Your Warehouse OPEN statement to write to the target Capture File should look like this:
OPEN CAPTOUT FIXED CAPTOUT MODE=vw
Your Warehouse COPY statement to write to the target Capture File should look like this:
COPY CAPTIN TO CAPTOUT
Tip: copying Capture File records using Warehouse in this fashion will succeed, but will require more disk space the original Capture file. This is because the full Capture File record is written to the target file resulting in wasted disk space at the end of most records.
What is the default TurboIMAGE locking and how do I obtain more concurrency?
By default, Warehouse will lock at the TurboIMAGE dataset level. To alter the locking option, use the SET <tag> LOCKING statement.
The SET <tag> LOCKING MANUAL statement enables manual locking and increased concurrency. By selecting this option you are then responsible for issuing LOCK and UNLOCK statements at appropriate points in the processing. It is useful to develop a systematic locking strategy for all scripts that access datasets in this manner.
Will a Warehouse client run within the MPE/iX POSIX shell?
Yes, it will. Remember that the client needs to be invoked using the MPE/iX POSIX shell naming convention:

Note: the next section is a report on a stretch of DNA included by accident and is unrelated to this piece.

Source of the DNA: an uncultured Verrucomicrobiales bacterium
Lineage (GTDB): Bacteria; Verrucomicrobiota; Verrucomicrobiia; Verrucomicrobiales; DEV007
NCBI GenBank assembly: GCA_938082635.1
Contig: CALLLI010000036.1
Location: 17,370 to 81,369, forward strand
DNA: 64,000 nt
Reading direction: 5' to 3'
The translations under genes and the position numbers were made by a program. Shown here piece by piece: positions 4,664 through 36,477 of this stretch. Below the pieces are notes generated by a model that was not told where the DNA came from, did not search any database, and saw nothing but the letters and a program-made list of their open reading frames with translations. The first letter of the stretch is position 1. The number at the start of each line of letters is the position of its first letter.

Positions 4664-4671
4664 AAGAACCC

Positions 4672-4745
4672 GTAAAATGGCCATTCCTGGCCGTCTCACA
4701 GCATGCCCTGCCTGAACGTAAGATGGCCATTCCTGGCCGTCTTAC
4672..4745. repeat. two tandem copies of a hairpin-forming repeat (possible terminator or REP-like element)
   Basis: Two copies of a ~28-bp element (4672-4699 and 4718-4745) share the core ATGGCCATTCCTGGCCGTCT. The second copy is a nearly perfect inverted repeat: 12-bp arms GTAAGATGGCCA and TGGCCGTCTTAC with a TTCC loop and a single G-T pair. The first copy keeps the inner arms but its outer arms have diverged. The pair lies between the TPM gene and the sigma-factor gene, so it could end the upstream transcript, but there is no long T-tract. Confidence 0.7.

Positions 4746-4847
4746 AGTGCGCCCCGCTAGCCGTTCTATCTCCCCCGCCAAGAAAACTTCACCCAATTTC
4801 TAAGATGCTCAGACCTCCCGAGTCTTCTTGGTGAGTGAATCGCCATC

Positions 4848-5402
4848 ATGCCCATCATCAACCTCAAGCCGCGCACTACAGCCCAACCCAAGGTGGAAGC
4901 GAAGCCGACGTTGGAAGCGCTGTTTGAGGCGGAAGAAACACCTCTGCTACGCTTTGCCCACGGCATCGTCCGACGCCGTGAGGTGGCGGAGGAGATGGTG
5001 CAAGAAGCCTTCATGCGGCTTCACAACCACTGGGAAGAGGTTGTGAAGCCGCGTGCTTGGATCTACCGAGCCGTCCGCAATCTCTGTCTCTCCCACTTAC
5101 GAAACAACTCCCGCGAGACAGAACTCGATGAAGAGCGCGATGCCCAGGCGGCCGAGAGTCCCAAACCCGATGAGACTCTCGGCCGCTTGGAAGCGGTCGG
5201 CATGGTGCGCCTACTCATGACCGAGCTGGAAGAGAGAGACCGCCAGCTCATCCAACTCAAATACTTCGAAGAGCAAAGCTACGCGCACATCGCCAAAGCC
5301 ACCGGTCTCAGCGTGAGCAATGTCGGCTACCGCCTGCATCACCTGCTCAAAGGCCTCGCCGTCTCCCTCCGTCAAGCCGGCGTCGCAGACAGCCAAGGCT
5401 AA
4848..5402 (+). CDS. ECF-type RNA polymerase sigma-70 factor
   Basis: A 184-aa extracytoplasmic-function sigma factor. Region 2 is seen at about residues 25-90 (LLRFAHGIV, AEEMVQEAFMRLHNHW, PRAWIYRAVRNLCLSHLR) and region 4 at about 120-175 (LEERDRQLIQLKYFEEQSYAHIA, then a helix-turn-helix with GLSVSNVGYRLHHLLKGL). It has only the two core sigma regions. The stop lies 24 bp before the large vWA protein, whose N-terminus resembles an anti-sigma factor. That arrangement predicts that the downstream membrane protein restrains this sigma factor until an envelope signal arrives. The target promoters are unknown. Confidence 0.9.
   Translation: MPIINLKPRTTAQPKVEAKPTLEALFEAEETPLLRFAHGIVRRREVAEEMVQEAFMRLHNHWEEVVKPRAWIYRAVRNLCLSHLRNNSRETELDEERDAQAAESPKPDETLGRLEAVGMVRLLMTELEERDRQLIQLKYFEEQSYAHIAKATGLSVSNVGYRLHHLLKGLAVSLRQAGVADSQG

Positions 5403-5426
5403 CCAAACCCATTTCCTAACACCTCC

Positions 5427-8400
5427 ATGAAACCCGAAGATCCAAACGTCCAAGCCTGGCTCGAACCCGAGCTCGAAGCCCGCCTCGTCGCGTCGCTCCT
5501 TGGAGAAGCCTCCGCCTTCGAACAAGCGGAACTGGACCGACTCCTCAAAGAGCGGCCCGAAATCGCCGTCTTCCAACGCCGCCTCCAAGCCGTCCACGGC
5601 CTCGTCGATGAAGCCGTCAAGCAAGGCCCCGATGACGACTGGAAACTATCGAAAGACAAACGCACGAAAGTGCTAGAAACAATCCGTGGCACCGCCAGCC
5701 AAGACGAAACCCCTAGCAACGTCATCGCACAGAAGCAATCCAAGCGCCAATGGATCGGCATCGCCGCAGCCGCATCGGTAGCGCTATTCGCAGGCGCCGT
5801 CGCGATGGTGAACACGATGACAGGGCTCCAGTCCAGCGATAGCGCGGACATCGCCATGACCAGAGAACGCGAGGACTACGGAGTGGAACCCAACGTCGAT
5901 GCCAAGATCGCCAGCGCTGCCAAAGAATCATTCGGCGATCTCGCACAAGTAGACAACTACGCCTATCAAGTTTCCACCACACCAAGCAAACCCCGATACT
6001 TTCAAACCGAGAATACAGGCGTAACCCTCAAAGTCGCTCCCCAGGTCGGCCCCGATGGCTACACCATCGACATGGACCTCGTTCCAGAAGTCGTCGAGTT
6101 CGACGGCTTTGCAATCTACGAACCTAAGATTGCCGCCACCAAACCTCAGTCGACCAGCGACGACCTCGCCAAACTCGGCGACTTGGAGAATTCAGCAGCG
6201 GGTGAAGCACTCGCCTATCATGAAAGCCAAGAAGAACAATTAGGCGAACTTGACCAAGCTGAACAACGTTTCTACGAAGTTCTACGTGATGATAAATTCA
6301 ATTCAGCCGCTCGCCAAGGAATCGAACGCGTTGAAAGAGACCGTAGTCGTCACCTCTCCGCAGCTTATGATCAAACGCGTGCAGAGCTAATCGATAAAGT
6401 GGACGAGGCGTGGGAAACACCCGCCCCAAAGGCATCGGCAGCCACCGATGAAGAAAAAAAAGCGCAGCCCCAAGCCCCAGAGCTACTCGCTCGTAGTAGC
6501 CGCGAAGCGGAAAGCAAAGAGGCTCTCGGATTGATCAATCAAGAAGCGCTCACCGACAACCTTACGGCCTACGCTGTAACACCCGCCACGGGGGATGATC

Will Warehouse client run on Windows 95 or Windows 98?
Taurus Software doesn’t sell Warehouse for Windows 98 or Windows 95, so the Warehouse distribution won’t run on either of these operating systems
Will Warehouse run with MPE/iX BIGPIN enabled?
Yes, it will.
How can I test for completion of a script running on MPE/iX?
In the following example, the WH Server on the remote system nt08 was not running when the OPEN was issued from a WH MPE/iX client running a script named chkico. The subsequent SHOWJCW lists the relavent JCW states:
PUB.QA :RUN CHKICO
Warehouse 2.07.3530-M (c) Taurus Software, Inc. 2003
Installed for: Taurus Software mpe02.taurus.com
1> open db remote nt08 user=qa pass=homer oracle scott/tiger
Finding nt08… Trying 188.8.131.52
The Warehouse server is not running on remote computer nt08. (WHERR 13015)
Error(s) in script. No script processing performed. (WHERR 8006)
Program terminated in an error state. (CIERR 976)
CIERROR = 976
JCW = FATAL0
CJCW = 1
This rudimentary snippet is an example of the job completion testing that can be used in a job streams:
if cierror <> 0 or cjcw <> 0